With oh so many shades of blue, Hawaiian surf is hard to resist. So it’s not surprising that when folks start planning how they will spend their time on Hawaii Island, beach time is one of the first things that comes to mind. But there’s more to Hawaii then its sun-drenched coast. A treasure chest of gurgling volcanoes, rushing waterfalls and historic sites, the Big Island is home to four National Parks and countless state and county parks. Whether you’re a serious hiker or more of a wandering walker, Hawaii’s parks are waiting to wow you.
Pu’uhonua o Hōnaunau National Historic Park
This seaside setting served as a place of refuge or a safe haven for a variety of Hawaiian people. During times of war, enemies agreed blood could not be shed on the grounds of Pu’uhonua o Hōnaunau, so both young and old sought safety here. In early Hawaiian times, kapu or law breakers able to make it to the grounds before being captured, were forgiven of their crimes. Take time to sit in on a Park Ranger talk. It will help you understand why the park is much more than just a pretty place to the Hawaiian people. The walk throughout the royal grounds is just half a mile.
Kona Coffee & Craters
If you’re not quite sure you’re ready to hike Hawaii on your own, Hawaii Forest and Trail offers one-of-a-kind guided adventures throughout the Big Island. The Kona Coffee & Craters tour takes hikers beyond a series of locked gates to the slopes of the Hualalai volcano to peer into gigantic craters and climb through a lava tube. Weather can change from sunny and warm to foggy and soaking in minutes, so be prepared. Any extra gear can easily be left in the van. A post-hike caffeine boost is waiting at Mountain Thunder, the highest elevation coffee plantation in Kona.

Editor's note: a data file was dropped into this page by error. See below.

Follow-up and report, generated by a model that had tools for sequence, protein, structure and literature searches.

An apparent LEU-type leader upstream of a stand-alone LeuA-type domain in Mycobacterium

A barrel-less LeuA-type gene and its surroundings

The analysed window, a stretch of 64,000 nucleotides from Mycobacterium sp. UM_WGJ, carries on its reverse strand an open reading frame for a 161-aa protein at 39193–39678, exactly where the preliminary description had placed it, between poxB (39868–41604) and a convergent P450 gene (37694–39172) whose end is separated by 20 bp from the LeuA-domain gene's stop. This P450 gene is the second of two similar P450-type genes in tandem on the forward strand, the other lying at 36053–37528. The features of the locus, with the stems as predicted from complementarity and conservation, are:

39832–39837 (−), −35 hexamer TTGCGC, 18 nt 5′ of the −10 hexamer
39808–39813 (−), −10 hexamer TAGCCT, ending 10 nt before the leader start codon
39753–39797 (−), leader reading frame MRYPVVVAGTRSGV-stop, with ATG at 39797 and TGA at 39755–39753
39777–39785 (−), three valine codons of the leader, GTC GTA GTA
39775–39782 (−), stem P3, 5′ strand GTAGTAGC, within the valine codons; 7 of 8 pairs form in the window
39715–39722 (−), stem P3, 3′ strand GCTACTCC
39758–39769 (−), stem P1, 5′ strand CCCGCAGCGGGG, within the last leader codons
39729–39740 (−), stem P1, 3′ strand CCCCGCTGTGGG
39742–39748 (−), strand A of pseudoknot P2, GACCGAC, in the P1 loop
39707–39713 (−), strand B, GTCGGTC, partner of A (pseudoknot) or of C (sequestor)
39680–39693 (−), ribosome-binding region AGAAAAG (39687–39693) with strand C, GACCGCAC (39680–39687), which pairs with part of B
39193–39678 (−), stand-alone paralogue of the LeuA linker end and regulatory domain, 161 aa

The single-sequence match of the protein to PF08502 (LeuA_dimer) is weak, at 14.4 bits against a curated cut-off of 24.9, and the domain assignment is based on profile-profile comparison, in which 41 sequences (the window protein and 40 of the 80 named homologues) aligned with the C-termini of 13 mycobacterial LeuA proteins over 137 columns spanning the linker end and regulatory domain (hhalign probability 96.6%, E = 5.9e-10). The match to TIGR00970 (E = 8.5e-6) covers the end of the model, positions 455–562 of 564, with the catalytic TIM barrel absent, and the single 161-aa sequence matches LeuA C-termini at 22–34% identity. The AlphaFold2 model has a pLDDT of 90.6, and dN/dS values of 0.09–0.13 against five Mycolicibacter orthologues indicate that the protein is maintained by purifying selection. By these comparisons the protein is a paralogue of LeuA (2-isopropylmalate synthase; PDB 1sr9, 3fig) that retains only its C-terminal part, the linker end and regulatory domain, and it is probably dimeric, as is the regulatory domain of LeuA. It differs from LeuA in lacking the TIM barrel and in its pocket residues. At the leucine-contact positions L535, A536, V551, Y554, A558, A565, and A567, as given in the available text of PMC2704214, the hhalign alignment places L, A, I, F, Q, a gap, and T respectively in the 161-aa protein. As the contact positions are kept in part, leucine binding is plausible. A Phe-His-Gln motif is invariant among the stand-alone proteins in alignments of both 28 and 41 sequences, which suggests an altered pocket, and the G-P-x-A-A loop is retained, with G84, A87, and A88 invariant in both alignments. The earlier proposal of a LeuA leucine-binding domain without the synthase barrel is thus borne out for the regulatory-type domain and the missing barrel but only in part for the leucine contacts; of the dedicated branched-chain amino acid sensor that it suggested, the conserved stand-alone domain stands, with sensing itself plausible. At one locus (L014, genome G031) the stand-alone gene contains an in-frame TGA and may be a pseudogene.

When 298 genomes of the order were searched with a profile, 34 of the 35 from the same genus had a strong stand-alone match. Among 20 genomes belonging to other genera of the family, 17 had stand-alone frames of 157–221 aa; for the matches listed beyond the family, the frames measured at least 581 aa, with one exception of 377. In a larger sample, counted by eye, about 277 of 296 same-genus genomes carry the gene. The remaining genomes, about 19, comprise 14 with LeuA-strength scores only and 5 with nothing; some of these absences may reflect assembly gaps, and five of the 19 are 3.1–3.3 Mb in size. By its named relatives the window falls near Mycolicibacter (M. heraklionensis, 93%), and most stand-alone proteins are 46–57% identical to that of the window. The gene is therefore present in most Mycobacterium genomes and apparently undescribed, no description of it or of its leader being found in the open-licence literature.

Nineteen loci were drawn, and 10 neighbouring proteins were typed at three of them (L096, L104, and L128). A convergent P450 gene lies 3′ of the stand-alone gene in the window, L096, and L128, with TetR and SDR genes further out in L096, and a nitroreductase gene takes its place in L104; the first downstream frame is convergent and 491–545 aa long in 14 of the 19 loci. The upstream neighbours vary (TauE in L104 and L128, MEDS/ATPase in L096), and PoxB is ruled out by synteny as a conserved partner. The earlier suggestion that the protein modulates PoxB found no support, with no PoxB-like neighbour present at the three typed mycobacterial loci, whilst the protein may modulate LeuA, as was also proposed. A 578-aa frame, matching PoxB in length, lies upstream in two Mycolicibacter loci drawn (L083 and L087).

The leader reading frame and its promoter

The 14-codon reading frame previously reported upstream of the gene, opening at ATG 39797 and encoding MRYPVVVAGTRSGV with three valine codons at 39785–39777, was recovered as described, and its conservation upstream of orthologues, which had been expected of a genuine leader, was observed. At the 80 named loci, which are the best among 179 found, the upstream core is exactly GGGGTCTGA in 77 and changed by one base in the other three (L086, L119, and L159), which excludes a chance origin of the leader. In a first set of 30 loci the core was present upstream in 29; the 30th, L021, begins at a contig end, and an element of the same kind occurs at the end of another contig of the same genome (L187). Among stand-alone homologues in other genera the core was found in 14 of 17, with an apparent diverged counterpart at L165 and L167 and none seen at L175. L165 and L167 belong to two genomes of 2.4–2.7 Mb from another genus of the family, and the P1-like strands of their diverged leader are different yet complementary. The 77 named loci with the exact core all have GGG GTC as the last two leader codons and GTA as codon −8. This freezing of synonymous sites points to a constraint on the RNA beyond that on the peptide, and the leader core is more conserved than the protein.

Puako Petroglyph Archaeological Preserve
Hawaiians didn’t have a written language, but using sharpened rock they carved pictures or petroglyphs into lava rock. No one knows for sure what the carvings mean, but as you follow the Malama Trail in the Puako Petroglyph Archaeological Preserve, use your imagination and the possibilities take shape. Considered one of the most extensive petroglyph fields in Hawaii, the main section of the preserve contains more than three thousand petroglyphs. Walk the trail, but be careful where you step, as some petroglyphs are close to the path. The hike is short, just 1.4 miles roundtrip, but it gets hot quickly, so bring water. Good shoes are a must – the trail is home to kiawe thorns that can go straight through flip flops.
‘Akaka Falls State Park
A gentle, paved loop trail through a blooming rainforest rewards outdoor lovers with views of two waterfalls at ‘Akaka Falls State Park. Follow the signs and your first flowing glimpse will be of 100-foot Kahūnā Falls. But it’s the 442-foot Akaka Falls that gets most of the attention. Less than a half-mile in length, you can seen both in under an hour.
Waiānuenue Falls, aka Rainbow Falls
It’s hard to count Waiānuenue Falls as a hike, since you’ll most likely see the water before you can climb out of your car, but it’s hard to pass up a waterfall so close to Downtown Hilo. The viewing platform is just off the parking lot, but you can raise your heart rate by climbing the steps to the top of the falls.
Hawai’i Volcanoes National Park
There are a number of hikes that vary in distance and intensity at Hawai’i Volcanoes National Park, but don’t leave the Visitor Center without checking easy and nearby Sulphur Banks or Ha’akulamanu, off your list. A paved trail and boardwalk navigates you through the Sulphur Banks and Steam Vents in just 1.4 miles roundtrip. Thurston Lava Tube or Nāhuku, is an easy 15 to 20 minute paved loop walk that guides hikers down into a 500-year-old lava tube. The path is well lit, so you can leave your flashlight at home, but don’t forget your camera. Located close to the end of the Chain of Craters Road, the 1.4 mile Pu’u Loa Petroglyphs trail leads to a boardwalk surrounded petroglyph field. Be sure to visit the park after sunset for the nighttime “Glow Show” at the Jaggar Museum & Overlook. The lava fume cloud comes from an active vent located in the Halema’uma’u Crater.
Where to stay on Big Island, Hawaii
Photographs: Hawaii Tourism, Dana Rebmann